It’s 1963 and Donald Trump is standing next to his father when a building manager shows Fred Trump an application for an apartment in the Queens borough of New York City. The potential tenant had been calling every day. She had impeccable credit. She was also black.
“I asked him, ‘What do you want me to do with this application?’ He said, ‘You know I don’t rent to n-----s. Put it in your desk drawer,’” Stanley Leibowitz, the former building manager, told the New York Daily News in a story published Friday. “Donald was alongside of him. He was maybe 16, 17 years old at the time. He was learning the business of his father. He was right at his side."
The allegation that the senior Trump had used the racial epithet — and had a standing policy of rejecting black tenants — comes as the Republican nominee is looking to widen his appeal to black voters. On Saturday Trump plans on visiting a black church in Detroit, where he will tape an interview with a pastor there as he tries to reverse his history of offending black Americans that have largely thrown their support behind his Democratic rival so far.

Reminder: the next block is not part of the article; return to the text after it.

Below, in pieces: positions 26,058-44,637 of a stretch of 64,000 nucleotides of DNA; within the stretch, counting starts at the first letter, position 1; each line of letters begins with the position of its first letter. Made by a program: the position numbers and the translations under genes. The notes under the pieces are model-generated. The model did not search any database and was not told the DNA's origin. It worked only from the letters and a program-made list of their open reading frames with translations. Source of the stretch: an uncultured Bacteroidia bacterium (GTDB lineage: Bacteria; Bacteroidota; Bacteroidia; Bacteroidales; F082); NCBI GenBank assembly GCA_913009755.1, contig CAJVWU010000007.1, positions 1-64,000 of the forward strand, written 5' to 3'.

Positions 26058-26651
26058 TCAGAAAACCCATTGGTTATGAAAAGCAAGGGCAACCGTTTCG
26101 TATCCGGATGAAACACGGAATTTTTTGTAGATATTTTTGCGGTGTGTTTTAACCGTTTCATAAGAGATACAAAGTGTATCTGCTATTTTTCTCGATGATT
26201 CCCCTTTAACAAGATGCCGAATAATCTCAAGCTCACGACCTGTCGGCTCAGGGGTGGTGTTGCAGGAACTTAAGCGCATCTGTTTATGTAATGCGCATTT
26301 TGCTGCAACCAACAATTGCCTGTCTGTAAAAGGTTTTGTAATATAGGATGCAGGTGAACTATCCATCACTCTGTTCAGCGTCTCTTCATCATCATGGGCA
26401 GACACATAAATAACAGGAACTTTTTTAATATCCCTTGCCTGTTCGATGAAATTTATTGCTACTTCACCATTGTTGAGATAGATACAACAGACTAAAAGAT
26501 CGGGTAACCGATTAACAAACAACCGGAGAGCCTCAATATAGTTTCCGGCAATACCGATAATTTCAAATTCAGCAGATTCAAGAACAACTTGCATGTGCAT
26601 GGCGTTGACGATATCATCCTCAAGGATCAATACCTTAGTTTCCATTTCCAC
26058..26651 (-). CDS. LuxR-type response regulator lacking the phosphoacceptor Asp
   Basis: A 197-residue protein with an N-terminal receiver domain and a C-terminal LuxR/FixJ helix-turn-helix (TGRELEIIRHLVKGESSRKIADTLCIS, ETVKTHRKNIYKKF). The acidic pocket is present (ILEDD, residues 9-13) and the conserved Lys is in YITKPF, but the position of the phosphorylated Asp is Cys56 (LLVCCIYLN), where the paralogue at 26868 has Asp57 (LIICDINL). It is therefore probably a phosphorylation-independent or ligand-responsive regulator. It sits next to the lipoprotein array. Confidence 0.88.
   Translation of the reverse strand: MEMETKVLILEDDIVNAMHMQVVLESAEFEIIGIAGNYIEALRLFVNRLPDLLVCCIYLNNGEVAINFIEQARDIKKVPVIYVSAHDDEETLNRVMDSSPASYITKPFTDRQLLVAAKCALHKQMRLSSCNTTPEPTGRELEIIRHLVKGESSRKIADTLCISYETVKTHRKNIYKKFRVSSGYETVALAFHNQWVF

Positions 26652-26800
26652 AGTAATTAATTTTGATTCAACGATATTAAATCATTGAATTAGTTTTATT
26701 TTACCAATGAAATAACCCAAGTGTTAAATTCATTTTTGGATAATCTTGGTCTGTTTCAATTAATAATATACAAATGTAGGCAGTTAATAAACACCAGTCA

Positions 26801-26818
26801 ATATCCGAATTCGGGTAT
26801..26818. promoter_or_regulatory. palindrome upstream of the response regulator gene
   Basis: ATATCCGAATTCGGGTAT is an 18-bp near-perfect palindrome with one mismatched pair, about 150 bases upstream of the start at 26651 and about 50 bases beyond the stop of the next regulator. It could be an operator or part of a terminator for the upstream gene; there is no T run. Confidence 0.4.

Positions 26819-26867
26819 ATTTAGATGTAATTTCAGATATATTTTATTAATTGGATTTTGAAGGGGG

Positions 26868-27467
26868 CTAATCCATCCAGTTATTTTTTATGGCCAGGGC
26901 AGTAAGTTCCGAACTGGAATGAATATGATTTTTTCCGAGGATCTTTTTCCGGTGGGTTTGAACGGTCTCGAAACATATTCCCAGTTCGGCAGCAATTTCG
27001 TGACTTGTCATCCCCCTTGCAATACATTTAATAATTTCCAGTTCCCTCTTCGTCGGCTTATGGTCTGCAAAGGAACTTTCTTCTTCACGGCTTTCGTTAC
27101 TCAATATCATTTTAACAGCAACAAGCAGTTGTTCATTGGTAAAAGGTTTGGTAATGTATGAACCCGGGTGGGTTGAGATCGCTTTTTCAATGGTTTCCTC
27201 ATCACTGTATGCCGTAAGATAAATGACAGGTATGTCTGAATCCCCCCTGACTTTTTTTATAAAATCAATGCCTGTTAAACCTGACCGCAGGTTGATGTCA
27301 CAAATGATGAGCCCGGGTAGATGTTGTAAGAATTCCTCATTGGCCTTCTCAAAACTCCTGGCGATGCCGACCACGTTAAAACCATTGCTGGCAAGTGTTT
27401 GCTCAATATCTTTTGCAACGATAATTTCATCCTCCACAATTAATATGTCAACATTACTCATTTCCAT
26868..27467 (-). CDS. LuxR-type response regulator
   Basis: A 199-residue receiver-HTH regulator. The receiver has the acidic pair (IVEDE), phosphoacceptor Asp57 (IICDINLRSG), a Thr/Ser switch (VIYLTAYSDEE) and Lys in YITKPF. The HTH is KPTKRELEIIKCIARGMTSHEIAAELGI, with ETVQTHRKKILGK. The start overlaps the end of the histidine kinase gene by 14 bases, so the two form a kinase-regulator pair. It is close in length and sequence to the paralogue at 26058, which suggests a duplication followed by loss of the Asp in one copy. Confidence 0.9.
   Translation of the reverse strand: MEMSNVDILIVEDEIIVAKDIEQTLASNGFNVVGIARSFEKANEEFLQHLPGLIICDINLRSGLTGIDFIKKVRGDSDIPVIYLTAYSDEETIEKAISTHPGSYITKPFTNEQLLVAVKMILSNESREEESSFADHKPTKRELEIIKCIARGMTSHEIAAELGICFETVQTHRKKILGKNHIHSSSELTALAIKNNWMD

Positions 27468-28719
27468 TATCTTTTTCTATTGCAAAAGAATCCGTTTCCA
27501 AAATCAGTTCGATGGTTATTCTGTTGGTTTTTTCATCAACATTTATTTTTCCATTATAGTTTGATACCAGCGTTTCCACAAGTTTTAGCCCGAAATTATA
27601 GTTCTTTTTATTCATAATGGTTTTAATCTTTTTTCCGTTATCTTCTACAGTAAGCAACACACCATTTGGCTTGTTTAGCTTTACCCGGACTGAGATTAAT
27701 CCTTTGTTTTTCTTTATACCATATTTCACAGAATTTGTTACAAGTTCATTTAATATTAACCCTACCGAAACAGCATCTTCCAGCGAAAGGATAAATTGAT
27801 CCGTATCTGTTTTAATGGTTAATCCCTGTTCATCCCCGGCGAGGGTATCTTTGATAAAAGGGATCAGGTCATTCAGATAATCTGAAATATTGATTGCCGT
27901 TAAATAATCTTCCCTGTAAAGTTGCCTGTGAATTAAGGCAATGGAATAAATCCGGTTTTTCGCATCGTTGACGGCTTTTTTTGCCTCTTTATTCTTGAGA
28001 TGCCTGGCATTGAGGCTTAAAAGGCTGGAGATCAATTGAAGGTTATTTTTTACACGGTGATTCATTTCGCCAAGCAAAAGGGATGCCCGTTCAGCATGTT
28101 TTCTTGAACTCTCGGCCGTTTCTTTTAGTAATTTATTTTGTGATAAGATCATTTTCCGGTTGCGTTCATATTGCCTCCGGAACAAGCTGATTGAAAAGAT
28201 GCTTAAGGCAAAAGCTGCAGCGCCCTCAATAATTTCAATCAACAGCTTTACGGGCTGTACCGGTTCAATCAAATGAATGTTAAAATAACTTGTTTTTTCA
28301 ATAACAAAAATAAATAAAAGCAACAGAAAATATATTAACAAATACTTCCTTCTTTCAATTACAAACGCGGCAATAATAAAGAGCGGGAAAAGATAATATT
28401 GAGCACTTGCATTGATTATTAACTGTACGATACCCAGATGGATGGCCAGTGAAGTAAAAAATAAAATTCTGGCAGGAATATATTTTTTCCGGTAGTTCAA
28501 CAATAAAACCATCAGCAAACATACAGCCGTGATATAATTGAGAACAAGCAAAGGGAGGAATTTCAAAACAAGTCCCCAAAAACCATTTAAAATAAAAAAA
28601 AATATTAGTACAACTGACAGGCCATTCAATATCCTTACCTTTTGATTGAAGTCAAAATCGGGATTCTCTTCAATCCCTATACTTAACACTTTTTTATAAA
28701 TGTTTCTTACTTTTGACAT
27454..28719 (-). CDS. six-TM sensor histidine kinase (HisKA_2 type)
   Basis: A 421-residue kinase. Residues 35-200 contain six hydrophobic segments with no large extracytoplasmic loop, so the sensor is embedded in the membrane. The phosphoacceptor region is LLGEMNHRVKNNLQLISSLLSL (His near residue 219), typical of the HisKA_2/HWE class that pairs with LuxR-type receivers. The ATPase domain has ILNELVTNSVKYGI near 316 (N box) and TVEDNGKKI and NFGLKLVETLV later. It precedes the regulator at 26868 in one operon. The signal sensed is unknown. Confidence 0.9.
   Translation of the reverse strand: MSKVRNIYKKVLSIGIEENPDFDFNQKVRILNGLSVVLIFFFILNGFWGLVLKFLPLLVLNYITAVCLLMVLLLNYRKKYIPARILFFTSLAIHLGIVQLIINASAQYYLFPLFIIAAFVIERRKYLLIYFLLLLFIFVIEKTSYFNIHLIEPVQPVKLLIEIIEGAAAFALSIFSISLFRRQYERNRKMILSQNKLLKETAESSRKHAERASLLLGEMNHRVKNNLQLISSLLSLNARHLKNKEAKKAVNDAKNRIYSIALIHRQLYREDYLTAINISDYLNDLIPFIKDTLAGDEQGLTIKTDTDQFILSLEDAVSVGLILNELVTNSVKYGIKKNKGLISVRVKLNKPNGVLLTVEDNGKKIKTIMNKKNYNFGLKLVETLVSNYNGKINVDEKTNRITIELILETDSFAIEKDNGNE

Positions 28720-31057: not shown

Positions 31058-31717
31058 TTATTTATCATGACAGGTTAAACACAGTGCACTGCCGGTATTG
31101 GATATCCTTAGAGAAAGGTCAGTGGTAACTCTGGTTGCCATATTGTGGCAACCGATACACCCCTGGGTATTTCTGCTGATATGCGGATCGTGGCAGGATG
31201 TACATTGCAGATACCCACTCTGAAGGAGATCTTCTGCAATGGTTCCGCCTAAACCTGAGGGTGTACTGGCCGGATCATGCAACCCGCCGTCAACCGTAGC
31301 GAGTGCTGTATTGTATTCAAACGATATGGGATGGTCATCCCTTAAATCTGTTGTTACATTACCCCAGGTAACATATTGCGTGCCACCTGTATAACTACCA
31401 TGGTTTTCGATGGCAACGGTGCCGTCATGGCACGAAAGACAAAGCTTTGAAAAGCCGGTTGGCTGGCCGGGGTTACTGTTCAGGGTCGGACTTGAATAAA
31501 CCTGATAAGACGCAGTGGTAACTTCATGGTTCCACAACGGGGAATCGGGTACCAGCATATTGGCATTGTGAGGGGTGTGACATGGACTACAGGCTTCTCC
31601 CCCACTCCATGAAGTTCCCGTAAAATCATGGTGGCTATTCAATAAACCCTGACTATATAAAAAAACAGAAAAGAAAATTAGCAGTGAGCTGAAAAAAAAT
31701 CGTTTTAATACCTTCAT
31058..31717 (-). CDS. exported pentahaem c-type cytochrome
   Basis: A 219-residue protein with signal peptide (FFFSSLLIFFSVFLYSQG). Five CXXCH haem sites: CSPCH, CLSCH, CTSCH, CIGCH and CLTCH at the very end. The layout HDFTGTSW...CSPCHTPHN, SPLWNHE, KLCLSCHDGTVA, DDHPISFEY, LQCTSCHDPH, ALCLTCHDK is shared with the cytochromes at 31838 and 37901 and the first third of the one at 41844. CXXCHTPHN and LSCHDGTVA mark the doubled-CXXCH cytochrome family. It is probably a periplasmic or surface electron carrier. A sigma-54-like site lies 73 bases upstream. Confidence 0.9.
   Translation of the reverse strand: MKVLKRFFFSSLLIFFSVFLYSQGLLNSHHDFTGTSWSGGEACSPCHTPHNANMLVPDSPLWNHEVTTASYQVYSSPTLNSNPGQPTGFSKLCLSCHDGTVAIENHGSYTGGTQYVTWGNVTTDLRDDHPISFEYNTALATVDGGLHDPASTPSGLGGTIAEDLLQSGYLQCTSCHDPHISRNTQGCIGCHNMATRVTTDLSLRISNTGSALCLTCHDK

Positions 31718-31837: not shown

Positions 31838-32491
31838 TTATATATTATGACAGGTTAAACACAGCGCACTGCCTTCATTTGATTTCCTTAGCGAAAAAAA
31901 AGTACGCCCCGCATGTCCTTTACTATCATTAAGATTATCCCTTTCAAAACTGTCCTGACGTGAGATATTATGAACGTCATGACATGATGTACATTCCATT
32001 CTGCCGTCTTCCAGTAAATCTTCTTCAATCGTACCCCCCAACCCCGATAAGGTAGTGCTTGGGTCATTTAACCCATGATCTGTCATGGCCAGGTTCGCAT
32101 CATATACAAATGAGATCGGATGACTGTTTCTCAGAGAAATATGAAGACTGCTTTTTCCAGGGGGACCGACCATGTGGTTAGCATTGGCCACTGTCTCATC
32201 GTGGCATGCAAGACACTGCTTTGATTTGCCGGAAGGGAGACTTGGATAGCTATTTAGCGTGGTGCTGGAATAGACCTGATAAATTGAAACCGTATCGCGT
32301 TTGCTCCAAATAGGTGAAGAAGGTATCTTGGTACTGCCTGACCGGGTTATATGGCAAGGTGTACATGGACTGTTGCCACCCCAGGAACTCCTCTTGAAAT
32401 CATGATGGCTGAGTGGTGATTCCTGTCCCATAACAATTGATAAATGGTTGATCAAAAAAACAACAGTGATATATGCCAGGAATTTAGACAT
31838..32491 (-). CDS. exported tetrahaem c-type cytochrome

“It was the first time I heard that. I didn’t know what his policies were,” Leibowitz said. “I was quite surprised and upset.”
The Trump campaign denied to the Daily News the exchange ever happened, with campaign spokesperson Hope Hicks saying, “This claim, which is categorically false, is also totally unsubstantiated. Additionally, as you said, Mr. Trump would have been 16 years old at the time.”
Leibowitz said that he had approached the New York Times with the same information but that the allegation was not printed.
This is not the only indicator, however, that the Trump empire may have discriminated against minorities when renting apartments. In 1973, the Justice Department filed a civil rights case against their firm after an undercover investigation resulted in the rejection of a black apartment seeker followed nearly immediately by the acceptance of a white apartment seeker. That investigation later found that Trump employees had marked applications with secret codes to indicate race, such as a “C” for colored people or a “No. 9.”
Trump, for his part, denies that his organization has discriminated in accepting or rejecting applications.